When you’re on the ground dusting yourself off, here’s a fun rule to keep you both compassionate and accountable: Only mess up once. I used this when I hit my first roadblocks while fasting. I wanted to eat later than 7 p.m. and that would ruin my hours. I’ve had multiple mess ups in the last year, but I come back to center by reminding myself I can only mess up once. We must allow ourselves to be imperfect humans while holding ourselves to higher standards than before. This is how we build personal power.
You’re probably wondering if that’s once a day/week/month. That’s up to you. You know in your heart what it feels like to be committed to what you want. Choose what makes you feel truly committed and roll with that.
3. Your Desire To Change Has To Outweigh Your Fear Of Change
We can apply this to anything in life when it comes to the reasons we don’t change. We’re incredibly complex beings. Looking back on when I knew I needed to change and didn’t do it, I was afraid. Afraid to look, afraid of a new me, afraid of a new standard for myself. I was afraid of how that would impact the people I loved. Afraid of how I’d fully accept myself and hoping my people would still accept me. Can you feel how scary all of that is?
Letting fear control you is like paying to stand in wet concrete until it dries.
Once I got really into fasting, I started seeing my experience of food differently. I saw how much food my body really needed, what my body responded well to, and what it really craved. I smiled at how simple it all was and reeled at how long I’d let myself go down a road I didn’t want. Our behaviors create change in either an upward or downward spiral.
The experience was and continues to be seriously healing. Fasting drove forward my desire to become more fit than I’ve ever been in my life, more spiritually connected, more ambitious, more grateful, and more content. All the things I want in my upward spiral! What’s happened as a result is my old downward spiral behaviors are not needed anymore.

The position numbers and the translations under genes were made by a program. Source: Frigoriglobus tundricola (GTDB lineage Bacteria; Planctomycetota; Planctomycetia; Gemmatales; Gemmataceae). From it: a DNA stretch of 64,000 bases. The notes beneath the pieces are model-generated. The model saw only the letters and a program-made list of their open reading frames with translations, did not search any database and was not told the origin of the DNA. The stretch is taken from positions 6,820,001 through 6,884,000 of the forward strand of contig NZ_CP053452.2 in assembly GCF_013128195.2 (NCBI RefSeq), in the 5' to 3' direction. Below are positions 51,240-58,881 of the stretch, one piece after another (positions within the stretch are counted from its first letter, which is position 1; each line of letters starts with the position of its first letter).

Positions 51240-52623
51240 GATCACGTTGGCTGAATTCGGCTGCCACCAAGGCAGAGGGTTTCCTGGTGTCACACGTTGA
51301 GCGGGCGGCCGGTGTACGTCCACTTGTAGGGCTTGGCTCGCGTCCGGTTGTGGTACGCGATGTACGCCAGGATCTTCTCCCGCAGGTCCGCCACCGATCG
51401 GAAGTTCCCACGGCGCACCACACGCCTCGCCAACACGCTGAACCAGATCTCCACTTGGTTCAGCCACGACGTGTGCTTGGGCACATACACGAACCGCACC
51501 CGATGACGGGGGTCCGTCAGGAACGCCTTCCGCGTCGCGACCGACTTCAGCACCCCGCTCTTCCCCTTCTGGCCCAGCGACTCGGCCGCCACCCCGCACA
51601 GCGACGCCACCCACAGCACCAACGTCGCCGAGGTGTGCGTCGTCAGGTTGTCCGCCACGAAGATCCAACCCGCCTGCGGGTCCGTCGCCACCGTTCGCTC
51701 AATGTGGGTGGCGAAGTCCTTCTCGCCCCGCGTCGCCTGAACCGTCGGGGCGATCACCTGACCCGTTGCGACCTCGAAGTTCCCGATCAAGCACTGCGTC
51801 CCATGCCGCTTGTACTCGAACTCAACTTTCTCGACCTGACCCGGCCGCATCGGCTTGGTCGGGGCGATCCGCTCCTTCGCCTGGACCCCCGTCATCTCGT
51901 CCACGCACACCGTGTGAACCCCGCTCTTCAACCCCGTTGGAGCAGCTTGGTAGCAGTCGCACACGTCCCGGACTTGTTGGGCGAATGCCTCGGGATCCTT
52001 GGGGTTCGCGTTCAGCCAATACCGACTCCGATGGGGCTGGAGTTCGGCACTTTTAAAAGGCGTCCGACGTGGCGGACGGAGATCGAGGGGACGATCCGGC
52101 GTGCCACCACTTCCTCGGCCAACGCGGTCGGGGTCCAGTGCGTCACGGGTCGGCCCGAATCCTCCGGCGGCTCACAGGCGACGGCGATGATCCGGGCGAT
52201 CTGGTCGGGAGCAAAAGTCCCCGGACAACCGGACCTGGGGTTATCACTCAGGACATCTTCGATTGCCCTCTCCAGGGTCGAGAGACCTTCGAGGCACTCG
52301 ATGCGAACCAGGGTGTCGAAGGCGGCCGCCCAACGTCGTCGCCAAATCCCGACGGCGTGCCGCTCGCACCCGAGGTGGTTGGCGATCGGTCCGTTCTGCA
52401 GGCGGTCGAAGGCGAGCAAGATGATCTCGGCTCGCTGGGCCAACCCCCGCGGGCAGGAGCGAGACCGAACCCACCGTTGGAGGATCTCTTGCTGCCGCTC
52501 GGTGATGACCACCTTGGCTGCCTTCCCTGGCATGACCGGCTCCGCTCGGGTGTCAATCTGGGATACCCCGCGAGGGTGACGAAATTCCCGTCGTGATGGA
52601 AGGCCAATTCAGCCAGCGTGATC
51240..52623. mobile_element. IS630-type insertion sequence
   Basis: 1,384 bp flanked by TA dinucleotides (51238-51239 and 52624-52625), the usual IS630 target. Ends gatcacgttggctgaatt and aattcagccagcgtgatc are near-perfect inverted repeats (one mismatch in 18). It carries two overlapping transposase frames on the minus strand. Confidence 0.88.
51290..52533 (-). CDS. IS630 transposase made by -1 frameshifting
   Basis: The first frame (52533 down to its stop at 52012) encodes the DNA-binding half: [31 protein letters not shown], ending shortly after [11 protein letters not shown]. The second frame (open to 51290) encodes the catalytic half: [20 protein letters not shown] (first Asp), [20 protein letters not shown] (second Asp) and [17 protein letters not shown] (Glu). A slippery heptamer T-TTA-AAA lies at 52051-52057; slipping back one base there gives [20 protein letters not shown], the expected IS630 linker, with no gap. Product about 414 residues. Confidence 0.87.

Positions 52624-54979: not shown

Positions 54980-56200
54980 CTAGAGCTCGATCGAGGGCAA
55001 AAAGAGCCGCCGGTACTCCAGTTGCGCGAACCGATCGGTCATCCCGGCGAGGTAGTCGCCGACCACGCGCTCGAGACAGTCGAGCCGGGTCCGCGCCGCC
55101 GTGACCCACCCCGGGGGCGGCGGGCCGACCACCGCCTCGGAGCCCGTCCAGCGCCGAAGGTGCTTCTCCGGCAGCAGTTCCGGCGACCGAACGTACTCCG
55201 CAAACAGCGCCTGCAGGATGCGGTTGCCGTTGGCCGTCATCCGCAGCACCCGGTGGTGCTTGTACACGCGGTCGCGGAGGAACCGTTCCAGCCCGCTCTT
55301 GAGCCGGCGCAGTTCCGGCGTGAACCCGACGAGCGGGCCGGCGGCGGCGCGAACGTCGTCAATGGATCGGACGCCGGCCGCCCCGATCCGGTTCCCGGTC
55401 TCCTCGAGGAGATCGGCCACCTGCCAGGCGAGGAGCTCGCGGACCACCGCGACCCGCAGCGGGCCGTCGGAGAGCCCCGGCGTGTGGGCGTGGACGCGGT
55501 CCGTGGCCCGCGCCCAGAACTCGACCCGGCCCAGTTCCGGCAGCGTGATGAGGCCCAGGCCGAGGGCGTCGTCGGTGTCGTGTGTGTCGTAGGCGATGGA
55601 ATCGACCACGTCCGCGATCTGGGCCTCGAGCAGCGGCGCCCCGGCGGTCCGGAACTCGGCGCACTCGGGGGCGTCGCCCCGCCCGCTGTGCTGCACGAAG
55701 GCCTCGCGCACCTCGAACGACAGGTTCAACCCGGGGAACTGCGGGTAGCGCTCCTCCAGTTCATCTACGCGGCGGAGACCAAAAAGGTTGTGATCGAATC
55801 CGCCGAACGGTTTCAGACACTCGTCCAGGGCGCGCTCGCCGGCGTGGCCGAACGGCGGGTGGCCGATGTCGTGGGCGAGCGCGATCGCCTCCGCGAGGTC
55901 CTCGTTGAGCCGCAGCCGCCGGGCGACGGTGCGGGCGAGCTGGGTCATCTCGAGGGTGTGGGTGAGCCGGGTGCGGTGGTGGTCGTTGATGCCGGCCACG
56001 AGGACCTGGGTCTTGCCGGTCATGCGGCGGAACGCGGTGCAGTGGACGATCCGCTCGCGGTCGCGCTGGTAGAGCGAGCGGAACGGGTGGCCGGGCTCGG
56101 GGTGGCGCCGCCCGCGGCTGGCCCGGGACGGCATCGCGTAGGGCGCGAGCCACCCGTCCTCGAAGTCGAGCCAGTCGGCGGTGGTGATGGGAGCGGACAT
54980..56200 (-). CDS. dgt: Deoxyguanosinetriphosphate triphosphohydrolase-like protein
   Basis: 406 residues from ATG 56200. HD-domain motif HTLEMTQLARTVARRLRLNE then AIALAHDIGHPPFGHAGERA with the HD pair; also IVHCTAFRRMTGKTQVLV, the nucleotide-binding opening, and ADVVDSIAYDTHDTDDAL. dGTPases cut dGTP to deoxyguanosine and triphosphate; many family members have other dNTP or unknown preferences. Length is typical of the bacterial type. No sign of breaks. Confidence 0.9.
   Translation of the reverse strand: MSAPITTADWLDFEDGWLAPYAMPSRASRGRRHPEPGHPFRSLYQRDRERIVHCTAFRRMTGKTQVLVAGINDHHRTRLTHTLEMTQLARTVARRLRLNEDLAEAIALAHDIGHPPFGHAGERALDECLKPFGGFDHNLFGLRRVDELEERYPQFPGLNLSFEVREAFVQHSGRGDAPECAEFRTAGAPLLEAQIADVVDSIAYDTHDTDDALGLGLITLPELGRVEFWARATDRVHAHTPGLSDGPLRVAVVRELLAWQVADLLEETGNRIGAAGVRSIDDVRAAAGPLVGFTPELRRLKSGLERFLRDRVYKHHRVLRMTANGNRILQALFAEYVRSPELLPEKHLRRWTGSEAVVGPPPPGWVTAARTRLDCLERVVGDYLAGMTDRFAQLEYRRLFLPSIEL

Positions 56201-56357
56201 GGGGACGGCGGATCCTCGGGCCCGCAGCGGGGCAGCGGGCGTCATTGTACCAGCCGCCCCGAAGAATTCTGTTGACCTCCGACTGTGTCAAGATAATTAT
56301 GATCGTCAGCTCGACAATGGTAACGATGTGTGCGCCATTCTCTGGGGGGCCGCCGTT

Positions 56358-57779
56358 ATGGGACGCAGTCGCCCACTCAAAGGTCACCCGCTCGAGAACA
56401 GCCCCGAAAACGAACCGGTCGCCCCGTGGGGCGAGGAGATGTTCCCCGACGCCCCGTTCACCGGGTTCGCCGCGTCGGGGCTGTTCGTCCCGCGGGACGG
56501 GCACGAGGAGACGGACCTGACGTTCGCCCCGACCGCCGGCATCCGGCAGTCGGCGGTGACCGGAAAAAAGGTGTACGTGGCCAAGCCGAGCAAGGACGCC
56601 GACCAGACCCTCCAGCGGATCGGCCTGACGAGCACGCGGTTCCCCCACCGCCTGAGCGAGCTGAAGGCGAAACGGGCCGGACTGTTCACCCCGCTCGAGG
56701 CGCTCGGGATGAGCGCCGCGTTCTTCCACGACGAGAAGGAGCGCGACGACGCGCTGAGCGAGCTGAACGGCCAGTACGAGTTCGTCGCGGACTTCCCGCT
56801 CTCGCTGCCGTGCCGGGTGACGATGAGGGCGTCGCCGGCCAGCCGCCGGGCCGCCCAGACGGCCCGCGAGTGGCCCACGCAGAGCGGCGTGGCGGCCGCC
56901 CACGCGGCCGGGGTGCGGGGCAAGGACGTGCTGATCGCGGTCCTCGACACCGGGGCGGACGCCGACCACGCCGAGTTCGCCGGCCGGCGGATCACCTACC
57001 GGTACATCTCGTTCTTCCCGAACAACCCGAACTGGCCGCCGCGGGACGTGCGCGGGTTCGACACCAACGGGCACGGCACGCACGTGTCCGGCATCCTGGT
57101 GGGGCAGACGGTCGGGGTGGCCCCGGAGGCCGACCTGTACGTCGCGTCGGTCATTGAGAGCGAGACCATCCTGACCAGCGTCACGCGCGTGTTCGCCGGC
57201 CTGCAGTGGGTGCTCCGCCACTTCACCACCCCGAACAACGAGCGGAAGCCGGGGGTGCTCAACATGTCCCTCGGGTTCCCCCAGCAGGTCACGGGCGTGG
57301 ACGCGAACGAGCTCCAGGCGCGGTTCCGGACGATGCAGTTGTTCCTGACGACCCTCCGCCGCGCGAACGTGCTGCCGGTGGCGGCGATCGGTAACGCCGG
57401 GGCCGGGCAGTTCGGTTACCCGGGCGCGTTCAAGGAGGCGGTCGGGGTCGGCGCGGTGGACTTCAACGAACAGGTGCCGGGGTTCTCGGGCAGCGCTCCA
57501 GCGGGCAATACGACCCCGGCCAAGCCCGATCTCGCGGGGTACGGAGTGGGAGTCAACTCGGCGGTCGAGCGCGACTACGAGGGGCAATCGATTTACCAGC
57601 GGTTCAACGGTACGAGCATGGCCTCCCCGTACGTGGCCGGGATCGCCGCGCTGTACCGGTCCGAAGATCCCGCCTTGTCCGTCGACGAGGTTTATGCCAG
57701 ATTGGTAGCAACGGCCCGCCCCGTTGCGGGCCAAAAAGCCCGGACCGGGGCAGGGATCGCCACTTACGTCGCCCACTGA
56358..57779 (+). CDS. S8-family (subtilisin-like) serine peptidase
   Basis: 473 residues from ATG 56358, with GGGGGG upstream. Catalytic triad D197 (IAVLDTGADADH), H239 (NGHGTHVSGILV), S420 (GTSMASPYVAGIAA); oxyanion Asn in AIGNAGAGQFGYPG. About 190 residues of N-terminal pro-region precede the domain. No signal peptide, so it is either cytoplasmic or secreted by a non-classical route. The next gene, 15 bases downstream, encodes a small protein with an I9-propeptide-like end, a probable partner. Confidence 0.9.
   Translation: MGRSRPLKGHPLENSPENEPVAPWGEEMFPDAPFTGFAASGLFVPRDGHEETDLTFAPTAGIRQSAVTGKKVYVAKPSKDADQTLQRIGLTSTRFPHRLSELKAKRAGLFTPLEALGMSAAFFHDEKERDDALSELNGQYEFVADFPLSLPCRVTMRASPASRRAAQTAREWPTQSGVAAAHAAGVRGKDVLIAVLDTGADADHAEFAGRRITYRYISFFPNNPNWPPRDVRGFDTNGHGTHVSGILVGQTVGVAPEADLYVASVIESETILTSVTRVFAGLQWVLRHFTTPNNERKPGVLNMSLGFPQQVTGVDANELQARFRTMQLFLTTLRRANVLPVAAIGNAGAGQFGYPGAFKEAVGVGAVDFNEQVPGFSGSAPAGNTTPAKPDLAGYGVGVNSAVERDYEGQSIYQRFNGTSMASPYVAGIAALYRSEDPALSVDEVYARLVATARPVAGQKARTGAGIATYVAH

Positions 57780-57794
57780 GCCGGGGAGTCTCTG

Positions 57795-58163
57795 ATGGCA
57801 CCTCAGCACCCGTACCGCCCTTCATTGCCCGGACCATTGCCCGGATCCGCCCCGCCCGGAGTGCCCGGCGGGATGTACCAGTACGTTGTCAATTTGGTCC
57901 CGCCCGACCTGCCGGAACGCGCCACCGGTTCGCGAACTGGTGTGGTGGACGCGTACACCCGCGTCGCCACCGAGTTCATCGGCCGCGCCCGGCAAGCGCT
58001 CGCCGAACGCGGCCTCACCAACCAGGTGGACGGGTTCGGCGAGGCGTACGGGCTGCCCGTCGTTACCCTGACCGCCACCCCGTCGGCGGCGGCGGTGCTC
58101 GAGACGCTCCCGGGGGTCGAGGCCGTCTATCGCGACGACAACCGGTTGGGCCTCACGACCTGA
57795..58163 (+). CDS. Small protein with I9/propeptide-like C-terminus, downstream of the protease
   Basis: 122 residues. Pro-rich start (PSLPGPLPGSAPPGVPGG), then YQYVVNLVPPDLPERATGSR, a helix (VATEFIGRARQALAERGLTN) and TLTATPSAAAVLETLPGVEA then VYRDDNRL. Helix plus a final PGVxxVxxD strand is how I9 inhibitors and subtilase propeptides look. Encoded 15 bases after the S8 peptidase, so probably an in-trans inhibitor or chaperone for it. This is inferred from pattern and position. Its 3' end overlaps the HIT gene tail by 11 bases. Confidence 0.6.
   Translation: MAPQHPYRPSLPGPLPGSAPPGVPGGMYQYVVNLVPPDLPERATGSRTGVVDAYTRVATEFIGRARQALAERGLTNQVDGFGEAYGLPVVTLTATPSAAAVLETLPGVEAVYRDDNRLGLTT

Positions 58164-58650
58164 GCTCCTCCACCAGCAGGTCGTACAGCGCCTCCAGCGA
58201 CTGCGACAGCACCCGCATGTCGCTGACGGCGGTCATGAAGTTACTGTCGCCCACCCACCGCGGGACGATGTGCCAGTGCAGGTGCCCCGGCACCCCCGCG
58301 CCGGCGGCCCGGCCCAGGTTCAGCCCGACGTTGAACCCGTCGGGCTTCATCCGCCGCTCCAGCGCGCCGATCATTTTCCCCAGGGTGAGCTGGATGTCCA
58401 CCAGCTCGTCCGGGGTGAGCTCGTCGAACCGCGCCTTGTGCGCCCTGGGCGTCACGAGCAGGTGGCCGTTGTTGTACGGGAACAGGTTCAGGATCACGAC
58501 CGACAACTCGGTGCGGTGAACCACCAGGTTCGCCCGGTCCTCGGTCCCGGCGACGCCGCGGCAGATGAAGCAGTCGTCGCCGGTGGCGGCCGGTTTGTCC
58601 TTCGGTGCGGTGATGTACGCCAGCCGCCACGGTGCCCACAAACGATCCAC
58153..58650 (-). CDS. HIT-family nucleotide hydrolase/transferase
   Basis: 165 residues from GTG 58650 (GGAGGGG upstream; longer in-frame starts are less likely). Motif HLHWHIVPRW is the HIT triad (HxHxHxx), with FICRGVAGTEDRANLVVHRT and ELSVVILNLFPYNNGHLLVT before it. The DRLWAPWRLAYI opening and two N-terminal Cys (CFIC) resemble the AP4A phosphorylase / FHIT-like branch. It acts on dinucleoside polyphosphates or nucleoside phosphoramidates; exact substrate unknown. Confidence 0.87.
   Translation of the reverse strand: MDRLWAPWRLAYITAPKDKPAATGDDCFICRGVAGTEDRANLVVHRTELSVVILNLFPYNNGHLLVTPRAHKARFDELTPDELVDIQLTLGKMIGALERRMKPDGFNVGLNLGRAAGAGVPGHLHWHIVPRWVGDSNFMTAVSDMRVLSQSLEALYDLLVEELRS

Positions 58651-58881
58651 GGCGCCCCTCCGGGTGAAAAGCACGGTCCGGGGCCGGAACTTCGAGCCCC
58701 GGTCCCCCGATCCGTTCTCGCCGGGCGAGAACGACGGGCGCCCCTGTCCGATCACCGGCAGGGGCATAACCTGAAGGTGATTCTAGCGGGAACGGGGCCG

My transition has had many moments of discomfort too. Like the phrase “you can’t go home again,” it’s beautiful and sad. I know I don’t want to go “home,” but sometimes I miss the comfort, the way things were.
As we continue to undo what hasn’t been working and step into this new version ourselves, we also impact those around us who weren’t expecting (or sometimes wanting) us to change. I’m still going through changes in my relationships and adjusting. I had to leave some behind (with as much love as I could), I had to change some to make them work better for my boundaries, and I continue to watch so many beautiful relationships flourish.
None of this would have happened if I hadn’t gotten so sick of the direction I was headed in, that I HAD to veer to a new one. My desire to change far outweighed my fear of it. And thank god it did! Applying these things can be positively pervasive.
Once you’ve tried this in one area of your life, you’ll see the possibilities in others.
Remember, change is simple, but it’s far from easy. I still struggle with my fasting sometimes, and sometimes I don’t feel like running. There are areas of my like I can’t wait to fully muster up the courage to apply what I’ve written in this very article. But every day, I make small moves towards what we desire. The truly fulfilling thing is watching yourself put in the effort and feel stronger than you did, building your personal power and bravery. The outcome, whatever it may be, is just the cherry on top.